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SEGUE
SEGUE Science: Rare Objects

Rare Objects

The extensive sky coverage and large number of spectral targets in the SEGUE survey offered a unique opportunity to discover rare objects. In particular SEGUE searched for:

  • Brown dwarfs
  • Cool white dwarfs
  • Extremely low metallicity [Fe/H] < -5.0 stars

Brown dwarfs

Because they are not in equilibrium, brown dwarfs cool after formation and their spectral properties depend on mass, age and metallicity. SEGUE data greatly increased the known number of these objects and extend our knowledge of the IMF below about 0.08 solar masses.

Cool white dwarfs

White dwarf stars are the end-stage remnants of main sequence stars with masses less than about 8 Msol, and the coolest white dwarfs represent some of the oldest objects in the galaxy. These fossil remains of an ancient stellar population offer a window into the early stages of the galaxy and its formation. They can be used to place lower limits on the ages of various galactic components, extend our knowledge of stellar evolution, and explore star formation processes during the Galaxy's earliest epochs.

Very cool white dwarfs with hydrogen in the atmosphere exhibit a unique spectral signature due to collision induced absorption (CIA) by molecular hydrogen. In pure H-atmosphere white dwarfs, CIA produces a flux suppression in the infrared at temperatures below about 5000 K. For T < 3000 K CIA becomes strong enough to affect the optical colors of the star and results in a bluer spectrum, with a significant flux suppression redward of about 6000 Å, relative to a blackbody SED. For mixed H-He atmospheres, infrared flux suppression becomes apparent at temperatures below about 6000 K and the optical colors are affected at temperatures below 4000 K.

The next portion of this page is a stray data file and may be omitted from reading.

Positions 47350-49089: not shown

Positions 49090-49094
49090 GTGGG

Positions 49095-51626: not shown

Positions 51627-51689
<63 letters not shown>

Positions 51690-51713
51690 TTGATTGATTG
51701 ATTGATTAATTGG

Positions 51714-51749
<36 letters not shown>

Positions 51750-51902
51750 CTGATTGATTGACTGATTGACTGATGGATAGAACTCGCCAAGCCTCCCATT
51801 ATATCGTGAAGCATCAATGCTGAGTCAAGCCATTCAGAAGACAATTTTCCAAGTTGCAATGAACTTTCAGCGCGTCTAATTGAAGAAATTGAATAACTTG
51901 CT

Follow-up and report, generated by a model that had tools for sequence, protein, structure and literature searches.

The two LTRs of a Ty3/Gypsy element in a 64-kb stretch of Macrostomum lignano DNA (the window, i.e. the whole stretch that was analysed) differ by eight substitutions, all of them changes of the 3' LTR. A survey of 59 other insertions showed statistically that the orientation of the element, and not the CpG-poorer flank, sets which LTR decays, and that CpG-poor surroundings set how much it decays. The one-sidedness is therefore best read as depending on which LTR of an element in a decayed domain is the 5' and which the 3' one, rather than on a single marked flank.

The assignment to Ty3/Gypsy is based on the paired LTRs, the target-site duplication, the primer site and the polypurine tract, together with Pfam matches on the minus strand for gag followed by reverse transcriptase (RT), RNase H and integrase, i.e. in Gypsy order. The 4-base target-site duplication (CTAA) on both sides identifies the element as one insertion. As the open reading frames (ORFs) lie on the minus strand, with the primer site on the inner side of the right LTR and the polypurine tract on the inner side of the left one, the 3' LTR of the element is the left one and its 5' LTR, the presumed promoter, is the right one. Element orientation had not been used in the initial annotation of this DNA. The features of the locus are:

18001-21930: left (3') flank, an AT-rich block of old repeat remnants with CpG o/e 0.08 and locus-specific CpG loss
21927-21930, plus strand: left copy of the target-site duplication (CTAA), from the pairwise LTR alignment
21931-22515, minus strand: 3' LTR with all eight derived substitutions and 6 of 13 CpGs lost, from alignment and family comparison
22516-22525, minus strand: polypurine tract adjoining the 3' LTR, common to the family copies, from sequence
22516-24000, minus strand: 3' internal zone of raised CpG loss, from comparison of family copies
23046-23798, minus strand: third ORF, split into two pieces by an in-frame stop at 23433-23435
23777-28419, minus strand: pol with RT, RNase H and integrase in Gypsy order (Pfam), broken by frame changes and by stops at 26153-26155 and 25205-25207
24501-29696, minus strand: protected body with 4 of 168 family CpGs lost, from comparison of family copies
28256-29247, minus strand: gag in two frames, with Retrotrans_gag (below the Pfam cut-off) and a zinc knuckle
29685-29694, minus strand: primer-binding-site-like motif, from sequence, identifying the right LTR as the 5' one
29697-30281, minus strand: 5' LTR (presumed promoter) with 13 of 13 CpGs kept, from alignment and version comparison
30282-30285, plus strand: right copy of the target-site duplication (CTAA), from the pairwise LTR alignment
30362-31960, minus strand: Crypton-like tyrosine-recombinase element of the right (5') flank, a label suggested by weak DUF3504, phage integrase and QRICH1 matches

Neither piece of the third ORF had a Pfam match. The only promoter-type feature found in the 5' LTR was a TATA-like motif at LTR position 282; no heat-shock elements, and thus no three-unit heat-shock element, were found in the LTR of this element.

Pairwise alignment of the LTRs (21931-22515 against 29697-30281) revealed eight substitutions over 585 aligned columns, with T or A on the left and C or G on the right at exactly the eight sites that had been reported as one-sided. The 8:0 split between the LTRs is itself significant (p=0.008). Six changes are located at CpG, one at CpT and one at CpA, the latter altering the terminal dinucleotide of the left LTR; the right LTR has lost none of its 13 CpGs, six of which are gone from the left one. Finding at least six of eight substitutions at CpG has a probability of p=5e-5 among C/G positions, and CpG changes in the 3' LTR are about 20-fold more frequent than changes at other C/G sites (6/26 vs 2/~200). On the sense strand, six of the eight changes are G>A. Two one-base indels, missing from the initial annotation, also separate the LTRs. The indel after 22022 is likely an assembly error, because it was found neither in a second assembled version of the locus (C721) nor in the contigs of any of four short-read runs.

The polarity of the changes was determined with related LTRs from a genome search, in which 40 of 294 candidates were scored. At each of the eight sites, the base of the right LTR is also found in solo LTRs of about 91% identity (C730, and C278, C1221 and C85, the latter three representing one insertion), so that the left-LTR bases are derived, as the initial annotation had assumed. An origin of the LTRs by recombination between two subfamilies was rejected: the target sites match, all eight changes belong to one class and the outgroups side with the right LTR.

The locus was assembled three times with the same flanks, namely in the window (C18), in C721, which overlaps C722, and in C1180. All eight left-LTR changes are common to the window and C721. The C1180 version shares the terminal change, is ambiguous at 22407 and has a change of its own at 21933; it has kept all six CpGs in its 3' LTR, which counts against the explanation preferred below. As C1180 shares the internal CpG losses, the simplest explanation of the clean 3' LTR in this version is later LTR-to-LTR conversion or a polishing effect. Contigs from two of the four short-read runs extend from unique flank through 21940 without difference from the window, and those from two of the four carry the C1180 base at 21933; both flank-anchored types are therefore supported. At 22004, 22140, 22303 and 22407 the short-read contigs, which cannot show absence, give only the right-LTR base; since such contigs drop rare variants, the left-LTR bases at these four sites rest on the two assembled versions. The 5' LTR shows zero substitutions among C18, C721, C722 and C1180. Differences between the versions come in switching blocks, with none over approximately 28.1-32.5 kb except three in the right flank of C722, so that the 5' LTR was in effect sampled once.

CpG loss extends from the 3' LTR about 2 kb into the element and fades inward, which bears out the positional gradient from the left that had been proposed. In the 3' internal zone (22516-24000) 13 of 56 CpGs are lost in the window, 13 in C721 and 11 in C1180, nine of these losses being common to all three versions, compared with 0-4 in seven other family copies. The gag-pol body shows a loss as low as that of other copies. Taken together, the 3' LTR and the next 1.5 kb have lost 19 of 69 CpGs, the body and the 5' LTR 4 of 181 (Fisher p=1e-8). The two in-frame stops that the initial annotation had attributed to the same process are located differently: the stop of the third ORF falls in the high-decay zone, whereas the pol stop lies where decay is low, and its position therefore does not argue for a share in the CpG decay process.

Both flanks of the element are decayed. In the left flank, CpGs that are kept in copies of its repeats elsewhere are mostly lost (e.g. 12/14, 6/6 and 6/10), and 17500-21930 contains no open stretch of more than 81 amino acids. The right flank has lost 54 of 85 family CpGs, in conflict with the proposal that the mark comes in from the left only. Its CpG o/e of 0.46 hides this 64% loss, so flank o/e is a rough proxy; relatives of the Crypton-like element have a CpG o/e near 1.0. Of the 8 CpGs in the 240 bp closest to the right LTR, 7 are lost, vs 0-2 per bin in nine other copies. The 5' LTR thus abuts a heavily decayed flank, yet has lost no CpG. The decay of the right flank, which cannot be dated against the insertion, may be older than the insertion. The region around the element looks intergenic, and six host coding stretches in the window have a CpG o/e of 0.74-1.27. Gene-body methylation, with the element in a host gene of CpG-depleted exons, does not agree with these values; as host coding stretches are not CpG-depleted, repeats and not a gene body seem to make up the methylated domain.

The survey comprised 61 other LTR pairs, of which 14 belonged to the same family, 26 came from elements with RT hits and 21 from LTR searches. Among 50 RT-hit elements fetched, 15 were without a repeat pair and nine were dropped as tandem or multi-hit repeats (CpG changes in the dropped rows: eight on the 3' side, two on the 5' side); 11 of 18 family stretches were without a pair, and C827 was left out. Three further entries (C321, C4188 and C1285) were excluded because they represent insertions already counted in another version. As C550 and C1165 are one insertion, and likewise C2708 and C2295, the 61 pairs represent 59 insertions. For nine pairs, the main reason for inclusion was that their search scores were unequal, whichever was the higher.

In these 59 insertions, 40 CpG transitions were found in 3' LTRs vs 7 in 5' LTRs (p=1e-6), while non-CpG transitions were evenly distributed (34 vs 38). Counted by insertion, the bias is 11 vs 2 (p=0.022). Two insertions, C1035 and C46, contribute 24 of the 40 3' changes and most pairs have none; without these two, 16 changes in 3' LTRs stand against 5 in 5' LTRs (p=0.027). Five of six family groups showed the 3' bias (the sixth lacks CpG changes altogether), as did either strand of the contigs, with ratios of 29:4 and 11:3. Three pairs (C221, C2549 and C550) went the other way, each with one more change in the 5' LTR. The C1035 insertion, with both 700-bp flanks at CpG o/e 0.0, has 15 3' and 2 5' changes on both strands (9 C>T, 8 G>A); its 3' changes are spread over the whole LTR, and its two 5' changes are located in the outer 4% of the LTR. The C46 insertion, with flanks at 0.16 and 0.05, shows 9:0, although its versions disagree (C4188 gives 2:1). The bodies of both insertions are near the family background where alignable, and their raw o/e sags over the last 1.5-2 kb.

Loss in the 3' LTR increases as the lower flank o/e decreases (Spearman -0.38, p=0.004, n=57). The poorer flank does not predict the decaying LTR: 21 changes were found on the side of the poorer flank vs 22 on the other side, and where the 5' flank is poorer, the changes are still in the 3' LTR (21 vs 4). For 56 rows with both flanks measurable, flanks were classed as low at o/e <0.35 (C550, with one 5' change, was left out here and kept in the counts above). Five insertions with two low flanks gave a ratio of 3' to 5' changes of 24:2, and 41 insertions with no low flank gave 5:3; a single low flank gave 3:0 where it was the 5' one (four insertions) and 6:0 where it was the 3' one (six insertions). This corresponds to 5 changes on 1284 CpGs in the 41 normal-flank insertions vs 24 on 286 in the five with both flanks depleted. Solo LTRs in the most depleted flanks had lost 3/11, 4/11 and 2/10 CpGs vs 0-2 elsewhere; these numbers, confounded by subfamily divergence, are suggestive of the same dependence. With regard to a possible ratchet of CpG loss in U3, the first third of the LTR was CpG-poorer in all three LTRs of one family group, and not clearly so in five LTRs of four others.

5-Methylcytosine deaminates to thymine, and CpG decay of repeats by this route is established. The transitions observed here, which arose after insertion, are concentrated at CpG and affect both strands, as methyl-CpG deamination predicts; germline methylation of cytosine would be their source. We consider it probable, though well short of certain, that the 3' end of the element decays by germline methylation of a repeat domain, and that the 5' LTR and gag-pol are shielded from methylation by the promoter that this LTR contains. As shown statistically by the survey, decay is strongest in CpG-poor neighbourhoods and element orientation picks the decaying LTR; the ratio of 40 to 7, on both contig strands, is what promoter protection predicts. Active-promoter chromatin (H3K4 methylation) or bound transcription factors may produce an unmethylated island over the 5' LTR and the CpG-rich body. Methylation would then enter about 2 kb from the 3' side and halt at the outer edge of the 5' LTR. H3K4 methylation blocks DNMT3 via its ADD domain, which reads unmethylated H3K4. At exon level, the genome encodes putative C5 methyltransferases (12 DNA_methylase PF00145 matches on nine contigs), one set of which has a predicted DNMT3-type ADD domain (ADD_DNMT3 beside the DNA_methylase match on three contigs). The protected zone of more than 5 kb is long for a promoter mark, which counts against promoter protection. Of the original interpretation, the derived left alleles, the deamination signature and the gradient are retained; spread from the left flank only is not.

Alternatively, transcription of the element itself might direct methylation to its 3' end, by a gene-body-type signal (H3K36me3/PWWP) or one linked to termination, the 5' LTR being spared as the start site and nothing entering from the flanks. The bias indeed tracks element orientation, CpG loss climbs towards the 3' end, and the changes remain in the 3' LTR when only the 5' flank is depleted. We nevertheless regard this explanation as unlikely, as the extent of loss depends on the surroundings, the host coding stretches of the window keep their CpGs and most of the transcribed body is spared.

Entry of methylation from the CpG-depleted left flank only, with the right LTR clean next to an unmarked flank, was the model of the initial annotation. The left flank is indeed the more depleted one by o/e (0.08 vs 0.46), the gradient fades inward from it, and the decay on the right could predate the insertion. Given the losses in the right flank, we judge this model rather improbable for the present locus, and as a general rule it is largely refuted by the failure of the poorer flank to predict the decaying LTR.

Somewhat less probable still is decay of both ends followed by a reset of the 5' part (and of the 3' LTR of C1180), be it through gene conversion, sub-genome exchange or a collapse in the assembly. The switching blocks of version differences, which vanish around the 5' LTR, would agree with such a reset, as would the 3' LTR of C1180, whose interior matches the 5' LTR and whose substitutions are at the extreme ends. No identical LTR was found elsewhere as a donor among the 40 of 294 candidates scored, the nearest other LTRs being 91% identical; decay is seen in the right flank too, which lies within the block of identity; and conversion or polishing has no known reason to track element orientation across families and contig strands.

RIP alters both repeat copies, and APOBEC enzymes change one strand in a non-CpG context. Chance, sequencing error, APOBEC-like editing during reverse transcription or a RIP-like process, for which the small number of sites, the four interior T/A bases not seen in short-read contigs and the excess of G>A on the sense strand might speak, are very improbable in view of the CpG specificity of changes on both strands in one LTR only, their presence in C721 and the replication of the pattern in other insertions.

Prior to 2004, only two ultracool white dwarfs with strong CIA were known to exist, and three with milder CIA suppression. Six new CWDs (and two previously known CWDs) found in SDSS data have since been published (Harris et al 1999; Gates et al 2004), highlighting the ability of SDSS photometric and spectroscopic data to identify these rare objects.

SEGUE used a cut on reduced proper motion to target CWDs.

Extremely low metallicity stars

Perhaps the rarest of all halo objects are the stars with metallicities [Fe/H] < -5.0. As of 2006, only two such stars have been found:

  • HE 0107-5240, a halo giant with [Fe/H] = -5.2 ( Christlieb et al. 2002)
  • HE 1327-2326, [Fe/H] = -5.4 ( Frebel et al 2005)

    Such stars provide the most direct means of deciphering the metal content and chemistry of the early Universe, and hence are of enormous interest. The SEGUE survey increased the number of observed very metal-poor stars ([Fe/H] < -2.0) by a factor of 10 or so over previous surveys ( Beers et al. 2005) -- among which may be additional examples of extremely metal-poor stars.



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